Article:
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Pay if paid provisions are quite common in construction subcontracts, shifting the risk of non-payment by an owner to a general contractor (or a higher tier subcontractor) to the lower tier party. These provisions, unlike pay when paid provisions, leave subcontractors with no right to payment if the flow of cash from owners (or higher tier subcontractors) is interrupted.
Pay if paid provisions are not creatures of construction contracting only. Similar provisions exist in contracts in many industries and other commercial contexts. But the politics and equities surrounding their enforcement when included in construction contracts makes the application of the usual rules of contractual enforcement less applicable.
That a party may make it obligations to another subject to conditions precedent, including particularly events and risks outside of the obligor’s control is unremarkable and enforceable. Enforcement is not usually subject to dispute on grounds of public policy or is the enforcement eroded or controlled by limiting legislation.
This is less true in the construction industry. Although many states do enforce clearly drawn pay if paid provisions, the judicial hostility to them is reflected by the high standards for clarity and completeness of the provision. Where these strict standards are not met, the provisions are either not enforced or treated as pay-when-paid provisions where the duty to pay arises after a reasonable time even if the party owing the duty pay, a general contractor or upper tier subcontractor, has not been paid.
Hostility to the enforcement of pay if paid clauses may be rooted in perceived equities. Subcontractors who are subject to the provisions often are smaller enterprises, as compared to the general contractors seeking to enforce such provisions, and it may be that courts are cognizant that many subcontractors have limited bargaining power and less sophistication than general contractors. Indeed, most of these provisions appear in standard contracts prepared by general contractors which may not be readily negotiable.
Also, the failure of a general contractor to be paid is often a product of its own conduct at least as a motive force if not legally. The breakdown in a relationship between an owner and a general contractor may arise from many circumstances, some subtle, and the refusal to pay a general contractor may be in part, or wholly, its own fault. But pay if paid provisions often do not differentiate between the failure to pay arising from events for which the general contractor is responsible and those which arise either because the subcontractor itself failed to perform or the owner is acting wrongfully without reasonable excuse.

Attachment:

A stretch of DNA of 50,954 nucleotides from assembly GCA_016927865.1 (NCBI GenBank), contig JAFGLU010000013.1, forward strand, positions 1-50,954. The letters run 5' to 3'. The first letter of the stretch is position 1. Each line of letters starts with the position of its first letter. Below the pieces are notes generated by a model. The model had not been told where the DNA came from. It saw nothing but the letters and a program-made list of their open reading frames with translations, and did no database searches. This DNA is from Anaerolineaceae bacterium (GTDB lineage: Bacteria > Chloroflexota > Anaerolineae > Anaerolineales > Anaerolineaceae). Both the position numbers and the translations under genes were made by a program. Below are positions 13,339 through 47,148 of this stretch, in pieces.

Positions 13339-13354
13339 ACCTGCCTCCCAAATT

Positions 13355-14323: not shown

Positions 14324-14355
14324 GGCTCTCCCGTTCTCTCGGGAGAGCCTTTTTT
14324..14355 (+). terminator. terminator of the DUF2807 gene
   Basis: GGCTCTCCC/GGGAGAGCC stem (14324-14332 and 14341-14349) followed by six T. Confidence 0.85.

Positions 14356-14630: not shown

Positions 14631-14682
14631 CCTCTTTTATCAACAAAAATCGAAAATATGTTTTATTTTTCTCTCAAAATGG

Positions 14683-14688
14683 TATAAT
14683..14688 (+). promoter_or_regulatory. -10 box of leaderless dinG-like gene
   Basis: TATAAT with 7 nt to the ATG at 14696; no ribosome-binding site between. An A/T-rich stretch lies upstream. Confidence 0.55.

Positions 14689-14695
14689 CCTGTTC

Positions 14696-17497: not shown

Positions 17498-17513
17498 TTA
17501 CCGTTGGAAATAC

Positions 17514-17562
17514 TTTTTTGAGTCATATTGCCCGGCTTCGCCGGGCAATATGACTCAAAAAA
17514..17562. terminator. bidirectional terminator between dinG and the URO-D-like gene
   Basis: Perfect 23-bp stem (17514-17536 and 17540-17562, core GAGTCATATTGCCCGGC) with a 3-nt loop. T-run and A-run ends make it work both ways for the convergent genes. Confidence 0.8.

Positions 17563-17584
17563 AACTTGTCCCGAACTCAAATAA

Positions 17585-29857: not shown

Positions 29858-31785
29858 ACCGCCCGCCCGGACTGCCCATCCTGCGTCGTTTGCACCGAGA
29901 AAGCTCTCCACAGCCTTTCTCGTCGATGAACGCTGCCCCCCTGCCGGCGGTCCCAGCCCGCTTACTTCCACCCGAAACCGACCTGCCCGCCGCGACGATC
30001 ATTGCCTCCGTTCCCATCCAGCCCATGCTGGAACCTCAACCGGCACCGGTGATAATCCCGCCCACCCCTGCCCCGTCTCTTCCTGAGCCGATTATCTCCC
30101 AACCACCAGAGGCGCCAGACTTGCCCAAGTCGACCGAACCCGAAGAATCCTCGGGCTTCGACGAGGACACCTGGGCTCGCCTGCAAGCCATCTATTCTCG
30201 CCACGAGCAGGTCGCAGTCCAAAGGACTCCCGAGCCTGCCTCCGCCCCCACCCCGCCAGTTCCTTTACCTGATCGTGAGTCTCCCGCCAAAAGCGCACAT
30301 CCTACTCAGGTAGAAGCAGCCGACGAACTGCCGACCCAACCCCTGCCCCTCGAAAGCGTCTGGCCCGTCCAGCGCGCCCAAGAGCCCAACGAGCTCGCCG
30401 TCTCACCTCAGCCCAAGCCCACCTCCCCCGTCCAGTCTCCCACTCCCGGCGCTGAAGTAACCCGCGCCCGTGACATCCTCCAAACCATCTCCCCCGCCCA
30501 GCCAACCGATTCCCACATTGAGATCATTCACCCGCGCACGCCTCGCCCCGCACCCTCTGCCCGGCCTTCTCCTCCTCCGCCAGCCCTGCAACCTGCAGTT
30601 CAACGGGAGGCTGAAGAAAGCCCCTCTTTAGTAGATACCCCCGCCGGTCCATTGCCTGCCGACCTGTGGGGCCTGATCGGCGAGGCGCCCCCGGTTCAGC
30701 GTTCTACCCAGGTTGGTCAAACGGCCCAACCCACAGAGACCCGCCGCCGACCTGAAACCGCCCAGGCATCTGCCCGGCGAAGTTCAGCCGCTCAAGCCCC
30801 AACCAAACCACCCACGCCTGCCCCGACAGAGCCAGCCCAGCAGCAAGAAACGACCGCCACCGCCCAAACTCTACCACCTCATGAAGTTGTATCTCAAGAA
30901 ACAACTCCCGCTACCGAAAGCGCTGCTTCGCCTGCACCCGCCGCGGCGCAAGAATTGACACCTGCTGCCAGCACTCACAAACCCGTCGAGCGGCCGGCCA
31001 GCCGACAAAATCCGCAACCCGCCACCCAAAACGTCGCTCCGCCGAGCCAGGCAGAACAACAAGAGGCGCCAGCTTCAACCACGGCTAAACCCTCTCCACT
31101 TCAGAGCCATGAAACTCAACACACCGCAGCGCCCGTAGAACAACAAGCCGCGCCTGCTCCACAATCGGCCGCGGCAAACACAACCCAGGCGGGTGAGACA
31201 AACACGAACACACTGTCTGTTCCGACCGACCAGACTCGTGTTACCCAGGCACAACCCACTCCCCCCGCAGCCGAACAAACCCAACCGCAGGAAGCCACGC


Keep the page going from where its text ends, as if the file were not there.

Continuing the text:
The reluctance of courts to enforce in these circumstances is understandable as the risk of non-payment to the general contractor is shifted downstream without consideration of who is actually the party precipitating the conflict leading to non-payment.
These equitable considerations may be the driving force for judicial hostility and the reluctance in some jurisdictions to enforce such provisions.
Subcontractors enjoy leverage not so much on an individual project or contract, but collectively in advancing protective legislation. Mechanics’ Lien acts are the most obvious example. But so too is the legislation reflecting resistance to the shifting of risks thought broad indemnity provisions (which general contractors also have protested) which have been made invalid through “Anti-indemnity” acts in most jurisdictions.
Thus, there are jurisdictions which invalidate pay if paid provisions. And in most jurisdictions Mechanics’ Lien acts have been amended to make clear that if a duty to pay is truncated by a pay if paid provision, nevertheless the Act is applicable and enforceable.
Subcontractors have also attempted to circumvent pay if paid clauses by contending that an anti-indemnity act’s invalidation of contractual provisions which shift losses arising from the indemnitee’s own negligence ought to be applied to prohibit enforcement of pay if paid clauses.
With both judicial hostility borne of perceived inequity of such provisions, and the existence of legislation protecting subcontractors, it is not surprising that enterprising counsel have mounted a variety of sometimes inventive attacks on pay if paid provisions.
Given the legal hostility, parties have mounted creative challenges to pay if paid provisions on public policy grounds or by arguing they violate anti-indemnity laws.
The ongoing controversy reflects the tension between freedom of contract and perceived fairness in allocating risk between parties of disparate bargaining power in the construction industry. Careful contract drafting remains essential for both general contractors and subcontractors navigating this complex area.
Steven G. M. Stein is a leading authority in construction law and specializes in the trial and arbitration of complex design and construction matters. He also works extensively in the drafting and negotiation of design and construction related agreements. Stein is the Editor-in-Chief of the nation’s leading treatise on construction law -- Construction Law from LexisNexis. He is also Editor-in-Chief of the LexisNexis Monthly Reporter Construction Law Digest.